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Organic Mixed Ionic-Electronic Conductors for Artificial Vision

Summer 2024

Project Background

Fabricating photodetectors that are both highly sensitive and biocompatible remains a significant challenge. Yet, the realization of these devices could lead to important advances in both sensing applications and technologies for artificial vision.

Recently, organic mixed ionic-electronic conductors emerged as soft semiconductor materials that can transport both electrons and ions. Because of this dual conductivity, these materials can convert ionic signals to electronic signals. One underutilized property of these materials is their ability to absorb light and the relationship between light absorption and charge carrier transport is not well established.

Our group uses a combination of nanoscale imaging, optical spectroscopy, and electrochemical measurements to interrogate the dynamic processes in this family of materials. We identify structure-function relationships in these materials and exploit them to build next generation devices.

In this project, we propose to blend polymers with different electronic properties to enhance both light absorption and and charge transport within these materials. Our goal is to uncover new design rules in these systems that determine materials stability, transport processes, and utility when incorporated into a device.

Student Role

The undergraduate student is expected to work full-time (40 hours weekly) and will be responsible of three main tasks:

- Fabricate polymer samples for in situ electrochemistry measurements
- Measure the kinetics of ion injection in mixed n-type and p-type mixed conductors
- Fabricate organic photoelectrochemical transistors and test their response to light

The student's first task will be to blend different n-type and p-type polymers and explore how the polymer dopes over a wide voltage range. The student will have the opportunity to characterize these films with optical microscopy and atomic force microscopy.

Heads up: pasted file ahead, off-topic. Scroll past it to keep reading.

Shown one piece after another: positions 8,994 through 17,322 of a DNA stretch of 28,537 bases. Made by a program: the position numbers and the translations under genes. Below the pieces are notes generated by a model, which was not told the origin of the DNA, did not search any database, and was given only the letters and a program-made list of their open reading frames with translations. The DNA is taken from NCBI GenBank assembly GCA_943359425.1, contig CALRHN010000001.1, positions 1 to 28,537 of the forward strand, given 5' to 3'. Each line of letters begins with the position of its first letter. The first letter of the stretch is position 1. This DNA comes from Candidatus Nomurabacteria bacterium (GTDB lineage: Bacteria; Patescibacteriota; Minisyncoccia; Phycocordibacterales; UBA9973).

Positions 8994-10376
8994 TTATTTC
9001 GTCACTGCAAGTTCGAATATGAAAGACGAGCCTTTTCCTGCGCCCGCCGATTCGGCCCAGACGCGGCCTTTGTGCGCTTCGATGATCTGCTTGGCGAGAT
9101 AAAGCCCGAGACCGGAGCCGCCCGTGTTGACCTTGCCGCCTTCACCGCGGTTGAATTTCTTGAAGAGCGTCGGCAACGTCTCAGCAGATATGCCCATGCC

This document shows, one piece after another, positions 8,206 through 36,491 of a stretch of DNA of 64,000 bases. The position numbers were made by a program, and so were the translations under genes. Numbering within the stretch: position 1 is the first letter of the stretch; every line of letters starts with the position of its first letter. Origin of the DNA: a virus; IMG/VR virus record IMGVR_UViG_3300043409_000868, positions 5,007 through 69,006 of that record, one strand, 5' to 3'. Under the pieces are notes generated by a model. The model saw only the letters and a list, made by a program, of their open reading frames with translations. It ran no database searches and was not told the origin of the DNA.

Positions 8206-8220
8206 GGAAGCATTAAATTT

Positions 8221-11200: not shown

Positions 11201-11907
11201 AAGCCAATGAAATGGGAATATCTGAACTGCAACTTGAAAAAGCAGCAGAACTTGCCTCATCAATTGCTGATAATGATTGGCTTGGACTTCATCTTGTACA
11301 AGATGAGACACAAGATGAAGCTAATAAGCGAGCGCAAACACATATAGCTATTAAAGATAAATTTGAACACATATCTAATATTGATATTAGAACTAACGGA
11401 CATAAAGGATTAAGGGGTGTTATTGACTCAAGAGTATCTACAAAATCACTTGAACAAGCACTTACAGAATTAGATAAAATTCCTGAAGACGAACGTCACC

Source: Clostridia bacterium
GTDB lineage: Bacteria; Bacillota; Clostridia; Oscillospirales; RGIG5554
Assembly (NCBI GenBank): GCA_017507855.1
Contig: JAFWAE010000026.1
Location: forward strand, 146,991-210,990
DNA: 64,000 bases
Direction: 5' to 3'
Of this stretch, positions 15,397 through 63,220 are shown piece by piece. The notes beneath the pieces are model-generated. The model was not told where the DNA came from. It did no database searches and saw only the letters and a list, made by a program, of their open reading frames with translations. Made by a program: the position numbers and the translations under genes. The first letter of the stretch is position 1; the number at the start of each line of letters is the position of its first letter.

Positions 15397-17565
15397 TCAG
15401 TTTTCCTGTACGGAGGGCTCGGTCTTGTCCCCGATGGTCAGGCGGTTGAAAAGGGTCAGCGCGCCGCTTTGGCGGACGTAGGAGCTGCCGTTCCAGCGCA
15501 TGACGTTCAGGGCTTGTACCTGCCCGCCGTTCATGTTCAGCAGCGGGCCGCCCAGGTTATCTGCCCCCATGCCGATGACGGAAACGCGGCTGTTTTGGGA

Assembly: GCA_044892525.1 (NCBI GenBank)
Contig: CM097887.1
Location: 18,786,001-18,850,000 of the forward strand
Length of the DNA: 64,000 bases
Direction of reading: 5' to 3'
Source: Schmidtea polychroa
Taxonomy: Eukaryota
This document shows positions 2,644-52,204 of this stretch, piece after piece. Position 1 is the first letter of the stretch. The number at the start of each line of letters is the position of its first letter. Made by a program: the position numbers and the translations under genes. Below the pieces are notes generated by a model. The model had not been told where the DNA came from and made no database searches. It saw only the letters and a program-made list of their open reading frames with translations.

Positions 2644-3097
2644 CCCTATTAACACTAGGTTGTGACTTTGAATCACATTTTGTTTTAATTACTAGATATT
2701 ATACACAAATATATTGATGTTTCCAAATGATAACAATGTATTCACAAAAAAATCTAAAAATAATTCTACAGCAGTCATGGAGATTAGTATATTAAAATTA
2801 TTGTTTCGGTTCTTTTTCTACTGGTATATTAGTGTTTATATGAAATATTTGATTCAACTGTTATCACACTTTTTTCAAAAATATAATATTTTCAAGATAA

After making the polymer films, the student will use spectroelectrochemistry to measure ion injection kinetics. If the kinetics experiments are promising, the student will investigate how ion injection occurs using a combination of electrochemical quartz microbalance, in situ photoluminescence, and X-ray diffraction. The student will also work with graduate students in the lab to use electron microscopy and atomic force microscopy to characterize the polymer morphology.

Once the student characterizes the most promising polymer films, the student will fabricate organic photoelectrochemical transistors. The student will explore how different light intensities and wavelengths impact the performance of these devices.

Student Learning Outcomes and Benefits

The student will have the opportunity to lead their own research in an interdisciplinary laboratory. The PI will provide mentoring and the needed resources throughout the program. A graduate student will also be assigned to mentor the student during their stay.

The student will learn a wide variety of valuable skills relevant to chemistry research, such as electropolymerization, spectroelectrochemistry, transistor measurements, electrochemical quartz crystal microbalance, and photoluminescence microscopy. The student will sit in the graduate student office and will have regular input from the PI and graduate students regarding their project. The student may also have opportunities to use equipment at the Utah Electron Microscopy and Surface Analysis Lab as well as the Optical Spectroscopy Lab in the Department of Chemistry.

The student will have the opportunity to present their research through writing manuscripts and presenting at national conferences, such as the American Chemical Society National Meeting and the Materials Research Society National Meeting. The student will be encouraged to attend SPUR orientation, present at the Summer Symposium, and publish an abstract in the University of Utah Undergraduate Research Journal.

Connor Bischak

Assistant Professor

The PI has an open door policy and is happy to meet and answer research questions as needed. At the beginning of the program, the PI will describe expectations and go over the project in detail.

The student will be provided a desk and computer for work in the graduate student office. The PI will hold weekly subgroup meetings with the undergraduate student and graduate students working on similar projects. In preparation for the meeting, the undergraduate student is expected to copy data from the week onto a OneNote page and be able to talk through the page. The student can also schedule one-on-one meetings with the PI as needed.

The student will also have opportunities to work on outreach projects run by the lab and attend lab social gatherings. The PI will also help with graduate school applications and career advice.